# Recursion

## Introduction to Recursion

• We have been calling other methods from a method.

• It’s also possible for a method to call itself.

• A method that calls itself is a recursive method.

• Book example:

• Example code:

```public class Program {
public static void main(final String[] args) {
printRecursive();
}

private static void printRecursive() {
System.out.println("This is a recursive method.");
printRecursive();
}
}```
• The method in the example displays the string “This is a recursive method.”, and then it calls itself.

• Each time the method calls itself, the cycle is repeated endlessly.

• Like a loop, a recursive method must have some way to control the number of times it repeats.

• Example:

• Example code:

```public class Program {
public static void main(final String[] args) {
printRecursive(10);
}

private static void printRecursive(final int n) {
if (n == 0)
return;
System.out.println(n);
printRecursive(n - 1);
}
}```

## Solving Problems with Recursion

• Recursion can be a powerful tool for solving repetitive problems.

• Recursion is never absolutely required to solve a problem.

• Any problem that can be solved recursively can also be solved iteratively, with a loop.

Example: the sum of natural numbers from `1` to `n`. We first solve it iteratively.

```public class Program {
public static void main(final String[] args) {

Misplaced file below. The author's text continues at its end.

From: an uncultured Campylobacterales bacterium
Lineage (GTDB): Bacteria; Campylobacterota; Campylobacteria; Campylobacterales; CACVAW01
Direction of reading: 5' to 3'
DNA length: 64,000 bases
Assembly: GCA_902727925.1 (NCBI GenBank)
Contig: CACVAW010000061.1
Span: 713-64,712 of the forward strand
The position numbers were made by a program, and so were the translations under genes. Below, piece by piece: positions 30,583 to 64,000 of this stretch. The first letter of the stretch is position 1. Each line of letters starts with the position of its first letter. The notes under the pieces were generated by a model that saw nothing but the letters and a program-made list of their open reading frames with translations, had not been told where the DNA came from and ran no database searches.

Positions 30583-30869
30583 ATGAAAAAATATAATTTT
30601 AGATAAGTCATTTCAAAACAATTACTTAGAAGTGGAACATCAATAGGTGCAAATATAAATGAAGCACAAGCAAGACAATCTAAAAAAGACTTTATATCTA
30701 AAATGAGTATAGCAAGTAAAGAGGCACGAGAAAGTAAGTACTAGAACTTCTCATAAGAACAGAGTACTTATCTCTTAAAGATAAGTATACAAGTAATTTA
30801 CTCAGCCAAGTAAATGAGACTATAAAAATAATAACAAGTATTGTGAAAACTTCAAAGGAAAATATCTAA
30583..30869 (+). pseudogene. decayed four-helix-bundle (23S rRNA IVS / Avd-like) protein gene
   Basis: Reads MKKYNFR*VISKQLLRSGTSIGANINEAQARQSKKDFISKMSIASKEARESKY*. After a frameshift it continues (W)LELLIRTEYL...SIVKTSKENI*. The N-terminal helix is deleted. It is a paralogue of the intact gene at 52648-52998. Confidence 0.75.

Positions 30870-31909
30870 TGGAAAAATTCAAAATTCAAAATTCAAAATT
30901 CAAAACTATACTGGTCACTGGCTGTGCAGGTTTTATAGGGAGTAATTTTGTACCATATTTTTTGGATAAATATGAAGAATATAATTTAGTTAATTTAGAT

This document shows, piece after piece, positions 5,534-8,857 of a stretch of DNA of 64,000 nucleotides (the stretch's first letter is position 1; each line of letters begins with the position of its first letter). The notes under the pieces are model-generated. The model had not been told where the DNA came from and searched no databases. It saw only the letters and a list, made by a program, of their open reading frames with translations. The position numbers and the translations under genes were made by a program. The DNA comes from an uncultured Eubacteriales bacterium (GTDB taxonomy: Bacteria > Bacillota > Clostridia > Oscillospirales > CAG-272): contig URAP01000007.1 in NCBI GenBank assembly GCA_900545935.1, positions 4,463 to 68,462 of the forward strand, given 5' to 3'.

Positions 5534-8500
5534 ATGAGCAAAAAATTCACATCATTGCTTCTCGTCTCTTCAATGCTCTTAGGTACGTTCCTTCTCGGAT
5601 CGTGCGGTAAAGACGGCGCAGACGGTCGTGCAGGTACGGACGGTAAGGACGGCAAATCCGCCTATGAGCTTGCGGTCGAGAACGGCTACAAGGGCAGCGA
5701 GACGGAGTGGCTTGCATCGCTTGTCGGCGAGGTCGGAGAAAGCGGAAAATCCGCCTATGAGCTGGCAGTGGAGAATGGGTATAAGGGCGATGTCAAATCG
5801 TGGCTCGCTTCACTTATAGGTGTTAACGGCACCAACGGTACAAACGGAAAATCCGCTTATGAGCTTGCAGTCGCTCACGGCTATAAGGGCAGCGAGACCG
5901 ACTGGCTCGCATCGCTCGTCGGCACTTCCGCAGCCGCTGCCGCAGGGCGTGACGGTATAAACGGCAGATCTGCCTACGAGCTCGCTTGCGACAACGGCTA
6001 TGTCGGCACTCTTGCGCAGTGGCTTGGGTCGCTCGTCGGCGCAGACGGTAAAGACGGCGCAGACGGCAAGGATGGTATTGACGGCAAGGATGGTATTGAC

final int n = 10;
System.out.println("sum = " + sum(n));
}

private static int sum(final int n) {
int sum = 0;
for (int i = 1; i <= n; i++)
sum += i;
return sum;
}
}```

We can also solve it recursively.

```public class Program {
public static void main(final String[] args) {
final int n = 10;
System.out.println("sum = " + sum(n));
}

private static int sum(final int n) {
if (n <= 0)
return 0;
return n + sum(n - 1);
}
}```
• In many cases, recursive algorithms are less efficient than iterative algorithms.

• Recursive solutions repetitively:

• Allocate memory for parameters and local variables.
• Store the address of where control returns after the method terminates.
• These actions are called overhead and take place with each method call.

• This overhead does not occur with a loop.

• Some repetitive problems are more easily solved with recursion than iteration.

• Iterative algorithms might execute slightlt faster.
• A recursive algorithm might simpler to design, implement, debug, test, and analyze.
• Recursion works like this:

• If a simple base case is matched,
the method returns the simple result.

• If the simple base case is not matched,
the method reduces the input to a smaller problem (the recursive case) and calls itself to solve the smaller problem.

• By reducing the problem with each recursive call, execution will eventually reach the base case and the recursion will stop.

• Example Problem Solving

• In mathematics, the notation `n!` represents the factorial of the number `n`.

• The factorial of a non-negative number can be defined by the following rules:

• `If n = 0 Then n! = 1`